Transportation Network Company/Transit Exploratory Demographic Analysis 63 occurred in the same zip code and time frame. The TNC data was already organized by hour and zip code, so what remained was to create a similar matrix of scheduled transit stops by hour and zip code. It was necessary to transform the GTFS data from stop location and schedule information to spatial frequency information. Using an open source GIS tool called Better Bus Buffers, the data was processed to count how many times any transit vehicle would be scheduled to stop at each transit stop, and then that data was aggregated to the total number of transit vehicle stops in a given zip code by the hour of day. This number was also divided by the size of the zip code in square miles to get the density of stops per hour. • Demographic data. The background Census demographic data was also collected at or aggregated to the zip code level. The following were the data points used as independent variables in the regression: – Education: University Grads (%) – Households with no vehicle (%) – Housing tenure: Owner/Renter (%) – Job density (count per square mile) – Median household income – Population ages 15–24 (%) – Population ages 25–44 (%) – Population ages 45–64 (%) – Population density (count per square mile) – Population earning no more than twice the poverty line (%) – Unemployed population (%) – White/Non-white population (%) This data was used in an iterative process with the “Exploratory Regression Analysis Tool” available in ESRI ArcGIS. This tool will test a combination of independent variables against a dependent variable and return a log detailing the combinations with the highest explanatory power. All the demographic variables above were provided as potential independent variables. They were iteratively tested for their ability to predict dependent variables, which represented the two transport modes in each of the five study regions (plus a combination of them all) at six different “dayparts,” or combinations of time of day and day of week. Together, the two modes, six regions, and six dayparts produce a total of 72 possible combinations to be tested. • All day • AM Peak (6-10am) • Mid-day (10am-2pm) • PM Peak (4-8pm) • Late Night Saturday (10pm-3am) • Minimum Acve Service (9pm-12am, Sun) Daypart (weekday unless noted otherwise) • All regions • Chicago • Los Angeles • Nashville • Sea…le • Washington, DC Region • Transit • TNCMode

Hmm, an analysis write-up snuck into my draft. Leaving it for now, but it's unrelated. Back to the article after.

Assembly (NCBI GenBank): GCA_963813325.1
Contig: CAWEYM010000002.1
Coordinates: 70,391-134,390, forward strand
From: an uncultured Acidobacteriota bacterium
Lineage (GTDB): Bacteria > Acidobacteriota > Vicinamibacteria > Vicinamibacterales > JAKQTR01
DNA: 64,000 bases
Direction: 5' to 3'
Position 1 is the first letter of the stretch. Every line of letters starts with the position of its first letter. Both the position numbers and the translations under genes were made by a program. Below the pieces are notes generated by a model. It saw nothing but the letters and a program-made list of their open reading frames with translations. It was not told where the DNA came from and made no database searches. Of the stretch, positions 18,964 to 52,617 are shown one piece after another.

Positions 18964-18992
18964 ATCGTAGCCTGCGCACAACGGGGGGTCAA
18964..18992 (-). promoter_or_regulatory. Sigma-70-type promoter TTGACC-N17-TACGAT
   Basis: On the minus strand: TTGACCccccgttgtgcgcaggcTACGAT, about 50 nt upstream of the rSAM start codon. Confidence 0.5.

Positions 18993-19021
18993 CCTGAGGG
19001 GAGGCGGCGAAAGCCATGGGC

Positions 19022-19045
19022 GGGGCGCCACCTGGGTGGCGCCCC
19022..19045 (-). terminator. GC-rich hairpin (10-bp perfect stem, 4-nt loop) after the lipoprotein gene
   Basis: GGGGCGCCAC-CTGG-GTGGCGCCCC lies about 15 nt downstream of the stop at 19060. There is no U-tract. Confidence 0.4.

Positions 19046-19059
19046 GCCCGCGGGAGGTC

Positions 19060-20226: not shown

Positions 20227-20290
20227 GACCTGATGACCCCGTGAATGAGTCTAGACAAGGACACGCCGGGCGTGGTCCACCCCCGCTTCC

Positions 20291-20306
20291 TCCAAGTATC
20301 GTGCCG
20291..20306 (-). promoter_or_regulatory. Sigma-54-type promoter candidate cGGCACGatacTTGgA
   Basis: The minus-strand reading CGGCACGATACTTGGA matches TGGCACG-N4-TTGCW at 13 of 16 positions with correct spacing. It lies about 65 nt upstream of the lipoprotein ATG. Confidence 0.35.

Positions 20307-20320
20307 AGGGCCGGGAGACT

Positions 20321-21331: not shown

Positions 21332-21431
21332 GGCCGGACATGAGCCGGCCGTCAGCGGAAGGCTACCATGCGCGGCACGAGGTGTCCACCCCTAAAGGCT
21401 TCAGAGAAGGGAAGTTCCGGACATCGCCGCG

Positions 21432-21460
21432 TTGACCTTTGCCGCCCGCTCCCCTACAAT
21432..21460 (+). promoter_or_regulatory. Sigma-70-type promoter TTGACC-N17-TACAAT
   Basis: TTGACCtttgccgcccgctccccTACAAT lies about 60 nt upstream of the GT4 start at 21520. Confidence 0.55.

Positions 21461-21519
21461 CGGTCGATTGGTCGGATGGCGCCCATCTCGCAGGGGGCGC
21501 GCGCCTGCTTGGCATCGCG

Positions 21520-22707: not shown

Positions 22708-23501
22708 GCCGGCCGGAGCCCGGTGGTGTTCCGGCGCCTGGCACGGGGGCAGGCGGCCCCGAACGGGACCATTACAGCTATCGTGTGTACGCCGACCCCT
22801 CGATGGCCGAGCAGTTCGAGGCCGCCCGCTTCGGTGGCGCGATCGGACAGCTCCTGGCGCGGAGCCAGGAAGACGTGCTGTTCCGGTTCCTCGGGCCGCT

64 Broadening Understanding of the Interplay Among Public Transit, Shared Mobility, and Personal Automobiles Mode as Independent Variable In addition to the 12 demographic independent variables, TNC or transit supply were also used as independent variables when not being used as dependent variables. When predicting TNC usage (dependent variable) transit density per zip code and time of day was tested as an indepen- dent variable; when predicting transit usage (dependent variable) TNC density per zip code and time of day were tested as independent variables. This gave a total of 13 independent variables. Findings • Public transit supply. In most cases, greater supply of transit is associated with a combination of job density and zero-vehicle households. As a fixed route public service, transit is supplied based on the most consistent demand— explained by concentrations of jobs and of households without personal vehicles. Demographic factors such as income, housing tenure, race, and education had little noticeable association with the supply, which reflects the public orientation of transit service, and its mandate to serve as equitably as possible. • TNC use. TNC use, on the other hand, was more commonly associated with combination of population aged 25–44 and population density, with job density a factor in some of the metros. • Variations in demographic associations of TNC use. Though income, race/ethnicity, edu- cation, unemployment levels, and housing tenure were included as independent variables, they rarely emerged as associated variables, and in no case did one of these variables appear to be associated across multiple regions. In no other region did one of these factors appear across multiple dayparts.

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TRB's Transit Cooperative Research Program (TCRP) Research Report 195: Broadening Understanding of the Interplay Among Public Transit, Shared Mobility, and Personal Automobiles explores the effects of app-based transportation network companies on the cities in which they operate, including on public transit ridership, single-occupancy vehicle trips, and traffic congestion. Built upon the findings of TCRP Research Report 188, this report explores how shared modes—and ridesourcing companies in particular—interact with the use of public transit and personal automobiles.